We recently had an opportunity to sit down with Resistance: Fall of Man, SCEA's launch shooter for the PS3, at the PlayStation 3 launch event in Toronto, and bring to you our zero-day impressions of the final build.

I'd heard a lot about Resistance:FoM when I first picked up the controller. The core premise of the story is that of a virus spreading out from Eastern Europe in the early 1950s, a virus that turns its victims into monstrous, alien-looking creatures. At first the game looks like your typical World War II first-person shooter. You're an American soldier fighting through destroyed cities, rubble at your feet, bodies scattered throughout. In fact, from a distance I initially mistook this one for Call of Duty 3 (until the first alien jumped our from behind the wall and fired an energy weapon that is).

The detail in the environments is impressive, and I found myself stopping to admire the various structures. There's a creepy atmosphere to the game gained by combining seemingly normal (albeit slightly bullet ridden) architecture with strange alien technology and creations. The environments looked sharp, and attention to detail blew me away, like the light mist that curled over the ground in a forested area. Some of the environments are destructible, such as blowing up a car that an enemy is crouched behind, or shooting through concrete barriers to hit the alien behind it. The physics look realistic in this regard, as well as with flying debris and bodies.

The gameplay itself is pretty good, but I find myself wondering if it sets itself apart from other shooters. The areas I walked through were quite unique in atmosphere as design, as mentioned above. There was also a wide variety of weapons as well, some similar to the ones found around the time period like the machine gun, and some different and strange, like the 'Bullseye', a gun that can fire a tracer to which other bullets will home into. Still, through all of these points, it my first impression is that it feels like a fairly standard shooter. Enemies are scripted to jump out at certain locations (though sometimes, like when a swarm of crawly-things poured down the wall of a derelict buildings, this can be pretty cool), the point of levels is to get from point A to point B, and there're increasingly challenging roadblocks to progress through. Standard stuff for the most part.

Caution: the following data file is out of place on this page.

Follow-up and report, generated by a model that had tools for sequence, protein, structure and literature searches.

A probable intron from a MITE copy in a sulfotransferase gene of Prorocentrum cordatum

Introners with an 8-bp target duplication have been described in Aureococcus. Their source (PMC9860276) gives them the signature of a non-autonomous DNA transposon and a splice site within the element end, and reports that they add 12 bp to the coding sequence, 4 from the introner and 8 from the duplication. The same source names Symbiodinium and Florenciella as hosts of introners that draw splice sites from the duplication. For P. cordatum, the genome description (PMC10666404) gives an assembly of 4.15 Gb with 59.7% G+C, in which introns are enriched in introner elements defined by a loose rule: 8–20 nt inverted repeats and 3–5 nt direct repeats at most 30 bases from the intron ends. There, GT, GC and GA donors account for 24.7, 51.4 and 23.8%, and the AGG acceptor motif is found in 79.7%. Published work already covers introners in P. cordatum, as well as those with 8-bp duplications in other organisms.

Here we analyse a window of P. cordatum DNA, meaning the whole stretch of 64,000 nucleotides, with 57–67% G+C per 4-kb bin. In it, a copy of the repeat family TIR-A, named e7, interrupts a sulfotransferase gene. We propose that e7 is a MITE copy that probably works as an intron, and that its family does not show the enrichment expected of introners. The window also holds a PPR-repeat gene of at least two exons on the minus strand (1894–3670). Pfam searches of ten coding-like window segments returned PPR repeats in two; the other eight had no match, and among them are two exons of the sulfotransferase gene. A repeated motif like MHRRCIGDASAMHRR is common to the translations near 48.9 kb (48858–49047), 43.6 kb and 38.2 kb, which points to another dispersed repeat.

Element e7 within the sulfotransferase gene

What did strike me as 'next-gen', is simply the amount of characters on screen at once. While I was playing, at any given time I had about three or four other fully-detailed soldiers following me. Additionally, there could be maybe four or five enemies (even more crawly bug-things), and there was no slowdown at all. In battles with this many fighters, the chaos and carnage really added to the gameplay.

From what we've seen, Resistance looks like a pretty interesting game. The large amount of characters onscreen at once, a co-op mode, and a new type of story makes this look like quite an experience for FPS fans. Keep a look out for our full review.